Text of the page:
• Kukia, Divin Kouebatouka, The Republic of the Congo—A process that transforms the invasive water hyacinth plant into an absorptive fibre that can clean up oil spills and stop oil leaks on land or water.
    • Peec REM, Philip Kyeswa, Uganda—A remote monitoring and metering system for off-grid solar installations. It also alerts utilities to blackouts or tampering.
    • SolarPocha, Oluwatobi Oyinlola, Nigerian—An outdoor workstation, a solar-powered space where students can connect to WiFi and off-grid electricity.
    • Solimi Prepaid Card, Gaël Matina Egbidi, Togo—A Visa-backed card that does not require users to bank with one specific bank, giving unbanked individuals access to the digital economy.
    • TelMi, Fabrice Tueche, Cameroon—A set of devices that help nurses monitor patients, respond to alarms, and collect data in order to improve workflow and response times.
    • TERAWORK, Femi Taiwo, Nigeria—An online platform that connects users to freelancers, so small business owners can find and safely outsource key skills such as coding and accounting.
    • VacciBox, Norah Magero, Kenya—A mobile and solar-powered fridge that safely stores temperature-sensitive medicine such as vaccines, to be used by travel clinics and for transport.
  • Note to editors

    1. Photographs and videos of the shortlisted candidates can be found here.
    2. The Africa Prize for Engineering Innovation, founded by the Royal Academy of Engineering in 2014, is Africa’s biggest prize dedicated to developing African innovators, and assisting them to maximise their impact. It awards crucial commercialisation support to ambitious African innovators developing scalable engineering solutions to address local challenges, demonstrating the importance of engineering as an enabler of improved quality of life and economic development.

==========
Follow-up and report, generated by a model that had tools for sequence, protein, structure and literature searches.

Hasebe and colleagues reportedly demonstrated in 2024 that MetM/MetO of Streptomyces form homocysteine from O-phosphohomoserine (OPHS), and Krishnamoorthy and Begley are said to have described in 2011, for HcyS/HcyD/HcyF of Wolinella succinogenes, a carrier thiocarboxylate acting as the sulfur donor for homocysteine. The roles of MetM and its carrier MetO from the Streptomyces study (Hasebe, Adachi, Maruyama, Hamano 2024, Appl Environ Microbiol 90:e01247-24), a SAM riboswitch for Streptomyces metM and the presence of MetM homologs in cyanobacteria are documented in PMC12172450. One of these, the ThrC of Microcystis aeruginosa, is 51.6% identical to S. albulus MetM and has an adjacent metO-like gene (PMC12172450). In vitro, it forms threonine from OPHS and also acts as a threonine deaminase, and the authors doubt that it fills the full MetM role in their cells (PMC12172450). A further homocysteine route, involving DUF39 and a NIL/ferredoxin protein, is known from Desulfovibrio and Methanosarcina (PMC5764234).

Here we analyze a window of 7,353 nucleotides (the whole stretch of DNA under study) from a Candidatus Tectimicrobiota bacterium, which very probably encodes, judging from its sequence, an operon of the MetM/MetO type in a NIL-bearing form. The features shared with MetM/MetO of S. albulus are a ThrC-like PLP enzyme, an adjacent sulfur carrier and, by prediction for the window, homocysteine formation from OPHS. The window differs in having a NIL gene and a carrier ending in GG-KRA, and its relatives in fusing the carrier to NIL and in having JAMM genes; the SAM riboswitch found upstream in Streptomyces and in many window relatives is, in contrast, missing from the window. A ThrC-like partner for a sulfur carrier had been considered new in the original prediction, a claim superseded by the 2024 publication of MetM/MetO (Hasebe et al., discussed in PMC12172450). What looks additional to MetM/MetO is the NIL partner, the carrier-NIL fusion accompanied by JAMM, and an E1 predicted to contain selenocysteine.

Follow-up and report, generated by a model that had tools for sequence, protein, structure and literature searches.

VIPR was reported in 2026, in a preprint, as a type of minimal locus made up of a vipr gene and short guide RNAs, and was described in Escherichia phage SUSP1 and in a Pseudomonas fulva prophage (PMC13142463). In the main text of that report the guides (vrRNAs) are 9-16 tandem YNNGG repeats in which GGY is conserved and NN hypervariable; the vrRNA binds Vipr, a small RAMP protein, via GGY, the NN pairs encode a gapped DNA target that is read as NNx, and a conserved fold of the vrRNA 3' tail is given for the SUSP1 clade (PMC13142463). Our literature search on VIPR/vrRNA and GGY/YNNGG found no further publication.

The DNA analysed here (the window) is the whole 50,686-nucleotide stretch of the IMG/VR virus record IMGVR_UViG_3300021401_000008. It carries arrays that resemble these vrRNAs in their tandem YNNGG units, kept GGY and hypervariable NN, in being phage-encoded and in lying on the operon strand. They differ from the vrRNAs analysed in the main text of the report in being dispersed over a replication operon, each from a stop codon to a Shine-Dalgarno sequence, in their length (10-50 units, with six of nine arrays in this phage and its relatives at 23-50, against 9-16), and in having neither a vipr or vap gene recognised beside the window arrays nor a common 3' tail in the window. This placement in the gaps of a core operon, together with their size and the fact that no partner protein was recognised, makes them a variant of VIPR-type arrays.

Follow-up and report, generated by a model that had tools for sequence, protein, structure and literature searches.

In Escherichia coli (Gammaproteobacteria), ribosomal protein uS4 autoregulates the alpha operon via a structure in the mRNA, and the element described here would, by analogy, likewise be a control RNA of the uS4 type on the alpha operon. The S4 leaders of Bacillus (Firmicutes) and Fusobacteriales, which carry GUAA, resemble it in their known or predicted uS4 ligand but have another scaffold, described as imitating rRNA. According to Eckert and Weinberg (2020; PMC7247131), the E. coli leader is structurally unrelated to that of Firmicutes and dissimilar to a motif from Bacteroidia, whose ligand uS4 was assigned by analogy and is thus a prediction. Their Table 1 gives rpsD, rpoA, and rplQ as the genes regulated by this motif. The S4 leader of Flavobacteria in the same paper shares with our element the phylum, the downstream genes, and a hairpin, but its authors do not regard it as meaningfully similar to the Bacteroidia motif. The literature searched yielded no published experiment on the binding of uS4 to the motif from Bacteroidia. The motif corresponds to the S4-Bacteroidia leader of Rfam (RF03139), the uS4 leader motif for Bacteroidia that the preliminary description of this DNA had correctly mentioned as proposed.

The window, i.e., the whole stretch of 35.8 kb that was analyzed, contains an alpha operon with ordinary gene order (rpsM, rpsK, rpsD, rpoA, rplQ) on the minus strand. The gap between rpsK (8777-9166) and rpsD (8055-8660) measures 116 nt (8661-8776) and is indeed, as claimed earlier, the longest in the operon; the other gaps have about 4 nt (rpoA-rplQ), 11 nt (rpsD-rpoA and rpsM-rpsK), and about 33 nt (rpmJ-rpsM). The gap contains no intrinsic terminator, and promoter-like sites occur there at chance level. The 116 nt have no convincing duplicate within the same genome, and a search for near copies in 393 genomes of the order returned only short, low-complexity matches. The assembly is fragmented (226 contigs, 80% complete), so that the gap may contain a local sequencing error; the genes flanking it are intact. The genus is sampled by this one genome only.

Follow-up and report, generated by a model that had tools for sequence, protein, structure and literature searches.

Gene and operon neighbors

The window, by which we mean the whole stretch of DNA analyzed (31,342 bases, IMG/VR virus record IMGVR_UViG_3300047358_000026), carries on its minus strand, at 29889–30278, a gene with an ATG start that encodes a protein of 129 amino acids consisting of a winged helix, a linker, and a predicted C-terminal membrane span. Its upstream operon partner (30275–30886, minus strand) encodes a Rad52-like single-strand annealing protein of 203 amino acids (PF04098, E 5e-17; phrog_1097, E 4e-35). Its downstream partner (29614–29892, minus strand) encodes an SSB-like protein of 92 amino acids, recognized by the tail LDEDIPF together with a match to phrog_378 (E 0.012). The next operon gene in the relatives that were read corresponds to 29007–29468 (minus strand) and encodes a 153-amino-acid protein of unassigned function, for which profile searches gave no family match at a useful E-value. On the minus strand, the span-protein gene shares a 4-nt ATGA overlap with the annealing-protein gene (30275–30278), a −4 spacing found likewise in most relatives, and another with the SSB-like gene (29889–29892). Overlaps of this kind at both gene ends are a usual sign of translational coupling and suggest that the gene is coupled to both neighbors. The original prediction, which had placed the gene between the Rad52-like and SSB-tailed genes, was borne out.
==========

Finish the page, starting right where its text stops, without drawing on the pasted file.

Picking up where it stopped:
An eight-month period of tailored training and mentoring culminates in a showcase event where a winner is selected to receive £25,000, along with three runners-up, who are each awarded £10,000.
      The 2022 Africa Prize is generously supported by The Shell Centenary Scholarship Fund. Further information can be found here: https://www.shellcentenaryscholarshipfund.org/
      Judges, mentors and expert reviewers for the Africa Prize for Engineering Innovation have provided over 2,312 hours of support to entrepreneurs since the prize was established – this equates to a value of roughly £1,156,050 in support. This year, the judges are:
    • Chair of judges: Malcolm Brinded CBE FREng, Past President of the Energy Institute, Chair of EngineeringUK
    • Dr Alessandra Buonfino, Senior Advisor, Global Innovation Fund; Consultant, International Research Fellow, Said Business school, Oxford University
    • Dr Ibilola Amao, Founder and Principal Consultant, Lonadek Global Services
    • Dr John Lazar CBE FREng, Chair, Enza Capital, What3Words and Raspberry Pi Foundation
    • Maya Horgan Famodu, Founder, Ingressive Capital
    • Rebecca Enonchong, Founder and CEO, AppsTech

    More information can be found here: www.raeng.org.uk/africaprize

    1. The Royal Academy of Engineering is harnessing the power of engineering to build a sustainable society and an inclusive economy that works for everyone. In collaboration with our Fellows and partners, we’re growing talent and developing skills for the future, driving innovation and building global partnerships, and influencing policy and engaging the public. Together we’re working to tackle the greatest challenges of our age.
Back To Top